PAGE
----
Winstanley developed an interest in engraving after a grand tour of Europe between 1669 and 1674, where he was impressed by Continental architecture and the engravings in which it was portrayed. On his return he is believed to have studied engraving with Wenceslas Hollar, and was employed at Audley End House as assistant to the Clerk of Works. In 1676 he embarked on a detailed set of architectural engravings of Audley End House which took him ten years to complete and which survive as an important early record of English manor house architecture. He also designed a set of playing cards which became very popular and sold well. He was appointed Clerk of Works at Audley End in 1679 on the death of his predecessor, and held the post until 1701.
Winstanley was well known in Essex for his fascination with gadgets both mechanical and hydraulic. He had a house built for him at Littlebury which he filled with whimsical mechanisms of his own design and construction, and the “Essex House of Wonders” became a local landmark popular with visitors. In the 1690s he opened a Mathematical Water Theatre known as “Winstanley’s Water-works” in London’s Piccadilly. This was a commercial visitor attraction which combined fireworks, perpetual fountains, automata and ingenious mechanisms of all kinds, including “The Wonderful Barrel” of 1696 which served visitors with hot and cold drinks from the same piece of equipment. It was a successful and profitable venture and continued to operate for some years after its creator’s death.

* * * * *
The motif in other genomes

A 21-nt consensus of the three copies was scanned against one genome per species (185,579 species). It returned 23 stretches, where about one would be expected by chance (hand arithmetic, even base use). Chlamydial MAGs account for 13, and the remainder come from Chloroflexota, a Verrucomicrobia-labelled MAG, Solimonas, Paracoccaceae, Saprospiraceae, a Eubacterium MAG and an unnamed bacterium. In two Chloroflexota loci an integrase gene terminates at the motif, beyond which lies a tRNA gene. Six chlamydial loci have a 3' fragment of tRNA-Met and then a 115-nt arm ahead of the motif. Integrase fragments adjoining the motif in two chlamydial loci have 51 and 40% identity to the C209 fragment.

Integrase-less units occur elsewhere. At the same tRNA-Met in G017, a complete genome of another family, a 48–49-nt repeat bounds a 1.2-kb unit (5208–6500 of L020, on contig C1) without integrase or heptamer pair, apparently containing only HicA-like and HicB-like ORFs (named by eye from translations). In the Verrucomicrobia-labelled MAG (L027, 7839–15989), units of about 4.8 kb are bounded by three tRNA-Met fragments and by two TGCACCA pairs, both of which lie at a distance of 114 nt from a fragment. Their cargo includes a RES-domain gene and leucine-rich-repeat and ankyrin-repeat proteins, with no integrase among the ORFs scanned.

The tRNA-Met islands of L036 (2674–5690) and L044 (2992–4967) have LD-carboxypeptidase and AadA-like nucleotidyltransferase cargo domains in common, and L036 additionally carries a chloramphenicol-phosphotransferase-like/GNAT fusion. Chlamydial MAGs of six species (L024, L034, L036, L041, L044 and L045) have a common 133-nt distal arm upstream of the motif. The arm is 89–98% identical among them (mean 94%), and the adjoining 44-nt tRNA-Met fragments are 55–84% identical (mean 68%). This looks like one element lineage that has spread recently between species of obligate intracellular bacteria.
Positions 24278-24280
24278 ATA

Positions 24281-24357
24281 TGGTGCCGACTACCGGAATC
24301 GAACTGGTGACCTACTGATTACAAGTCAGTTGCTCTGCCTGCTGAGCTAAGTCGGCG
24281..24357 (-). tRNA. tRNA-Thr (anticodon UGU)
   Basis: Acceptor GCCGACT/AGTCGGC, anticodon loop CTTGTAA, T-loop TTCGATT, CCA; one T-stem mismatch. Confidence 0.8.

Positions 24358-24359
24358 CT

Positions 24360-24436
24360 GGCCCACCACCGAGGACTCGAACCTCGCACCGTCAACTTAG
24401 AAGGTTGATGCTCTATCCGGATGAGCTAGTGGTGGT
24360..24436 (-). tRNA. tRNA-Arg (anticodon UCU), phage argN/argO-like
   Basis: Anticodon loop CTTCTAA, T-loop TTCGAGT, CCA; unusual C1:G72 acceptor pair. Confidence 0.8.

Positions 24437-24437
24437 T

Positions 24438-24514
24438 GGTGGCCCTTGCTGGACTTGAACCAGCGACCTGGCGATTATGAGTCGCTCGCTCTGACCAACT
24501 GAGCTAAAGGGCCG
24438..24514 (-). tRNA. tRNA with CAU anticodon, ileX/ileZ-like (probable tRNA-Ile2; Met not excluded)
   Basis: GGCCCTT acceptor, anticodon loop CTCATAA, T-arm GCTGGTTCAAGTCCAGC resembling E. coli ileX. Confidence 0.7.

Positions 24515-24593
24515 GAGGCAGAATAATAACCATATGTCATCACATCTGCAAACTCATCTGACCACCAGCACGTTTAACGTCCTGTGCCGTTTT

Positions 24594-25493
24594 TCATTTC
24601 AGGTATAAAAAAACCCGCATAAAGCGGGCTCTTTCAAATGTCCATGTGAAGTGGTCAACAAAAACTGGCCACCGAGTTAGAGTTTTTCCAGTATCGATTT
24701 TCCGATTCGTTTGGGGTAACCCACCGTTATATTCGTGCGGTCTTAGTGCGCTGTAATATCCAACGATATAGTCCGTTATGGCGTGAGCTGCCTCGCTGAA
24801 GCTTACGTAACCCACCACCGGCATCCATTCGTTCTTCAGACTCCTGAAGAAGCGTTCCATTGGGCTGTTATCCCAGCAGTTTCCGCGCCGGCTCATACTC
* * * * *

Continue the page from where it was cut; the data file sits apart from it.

Construction of the Eddystone lighthouse